“The Familiar vol. 1: One Rainy Day in May” by Mark Z. Danielewski

thefamiliar

As a big fan of House of Leaves, I’ve been looking forward to this new series for quite a while. I just finished this first volume and I have some mixed feelings about it. The biggest problem with this book is that it seemed to lack a clear narrative focus. Granted, this is the “pilot” episode of a twenty-seven book series. The book focuses mainly on Xanther, a little girl frail and sickly with ADHD whose parents are scrambling to reach her, and decide on a pet. But fate takes a different course. This is the thorough line of the novel. Along the way we meet a few other people from across the globe. For each character, Danielewski narrates their tale from their perspective in a different form. For Xanther, it’s more straight forward because she’s a pre-teen girl, for her father Anwar the prose mirrors a mathematical equation because he’s a programmer, for the gangster Luther it’s a hard edged snappy street style, for the police detective it’s a noir type. And of course, each one has their own corresponding font to go along with. Mid-way through the novel an explanation is given as to why both those things are and you can tell Daneilewski is having a lot of fun with narrative. But as I said, the biggest problem I had was that it seemed to lack focus. There are clues as to what ties some of these characters together, but not enough to tie it all together. Of course, this will change in other volumes of the book as the story progresses. Another issue is the way Danielewski writes the Singapore parts of the book. The “Engrish” and very ambiguous descriptions made it difficult to tell exactly what was happening, which is also the point as that character is a drug addict.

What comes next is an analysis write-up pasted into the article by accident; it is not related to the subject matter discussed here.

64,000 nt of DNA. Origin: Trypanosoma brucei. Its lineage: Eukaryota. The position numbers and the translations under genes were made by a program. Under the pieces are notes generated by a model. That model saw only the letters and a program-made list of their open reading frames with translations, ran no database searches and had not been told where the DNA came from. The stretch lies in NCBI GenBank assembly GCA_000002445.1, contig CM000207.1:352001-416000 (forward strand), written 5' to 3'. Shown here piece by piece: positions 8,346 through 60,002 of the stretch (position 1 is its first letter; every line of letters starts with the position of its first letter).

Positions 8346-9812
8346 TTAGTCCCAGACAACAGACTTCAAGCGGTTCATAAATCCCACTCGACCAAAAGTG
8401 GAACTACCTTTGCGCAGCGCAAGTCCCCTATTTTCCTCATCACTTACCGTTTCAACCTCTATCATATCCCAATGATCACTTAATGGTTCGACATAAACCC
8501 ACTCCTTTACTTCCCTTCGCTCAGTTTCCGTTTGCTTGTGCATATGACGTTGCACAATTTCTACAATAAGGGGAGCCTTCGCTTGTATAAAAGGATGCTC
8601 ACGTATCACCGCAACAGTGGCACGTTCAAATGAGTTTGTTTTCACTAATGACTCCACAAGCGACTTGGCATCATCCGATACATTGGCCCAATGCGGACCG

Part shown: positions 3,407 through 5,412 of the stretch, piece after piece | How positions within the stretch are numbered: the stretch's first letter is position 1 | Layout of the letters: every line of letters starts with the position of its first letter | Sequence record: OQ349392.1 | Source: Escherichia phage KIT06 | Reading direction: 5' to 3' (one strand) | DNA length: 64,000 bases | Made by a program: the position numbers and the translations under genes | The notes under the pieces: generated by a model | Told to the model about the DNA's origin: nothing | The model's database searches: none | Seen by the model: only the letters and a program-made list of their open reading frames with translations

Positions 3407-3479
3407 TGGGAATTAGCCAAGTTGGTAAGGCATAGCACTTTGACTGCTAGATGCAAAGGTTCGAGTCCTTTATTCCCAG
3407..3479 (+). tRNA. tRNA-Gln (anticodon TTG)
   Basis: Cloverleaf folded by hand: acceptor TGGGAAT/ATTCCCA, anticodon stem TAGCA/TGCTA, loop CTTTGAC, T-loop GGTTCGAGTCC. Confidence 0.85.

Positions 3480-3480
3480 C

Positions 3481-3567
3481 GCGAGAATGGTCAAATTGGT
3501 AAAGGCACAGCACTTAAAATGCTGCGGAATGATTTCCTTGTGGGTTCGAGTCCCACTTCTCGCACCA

As always, Danielewski has a keen eye for timing, and playing with the form of narrative so it feels interactive.  There is one part near the end where Xanther’s desperation reaches a pivotal point in saving the life of a kitten where very few words on each page so that the reader will fly through them to see what happens next.  The timing of the words to help the reader feel what the character feels is a genius move Danielewski has been pulling since House of Leaves (I wish WordPress allowed for blue colored font).  It still works.  Also, there are quite a few quotable lines, and some very piercing insights that came close to bringing me more than a few times to tears.

I’m hoping for more clarity and answers as the series progresses, and as this is a twenty-seven book series, it’s a great literary gamble that I hopes pay off. This is a story that exists solely for a literary medium — there is no movie or TV show deal that can be made here — which sets it aside from other book series. I’m not sure how this will pan out for Danielewski and he certainly wouldn’t be able to get this done if not for his fan base he deservingly acquired after House of Leaves. I look forward to seeing where this goes.

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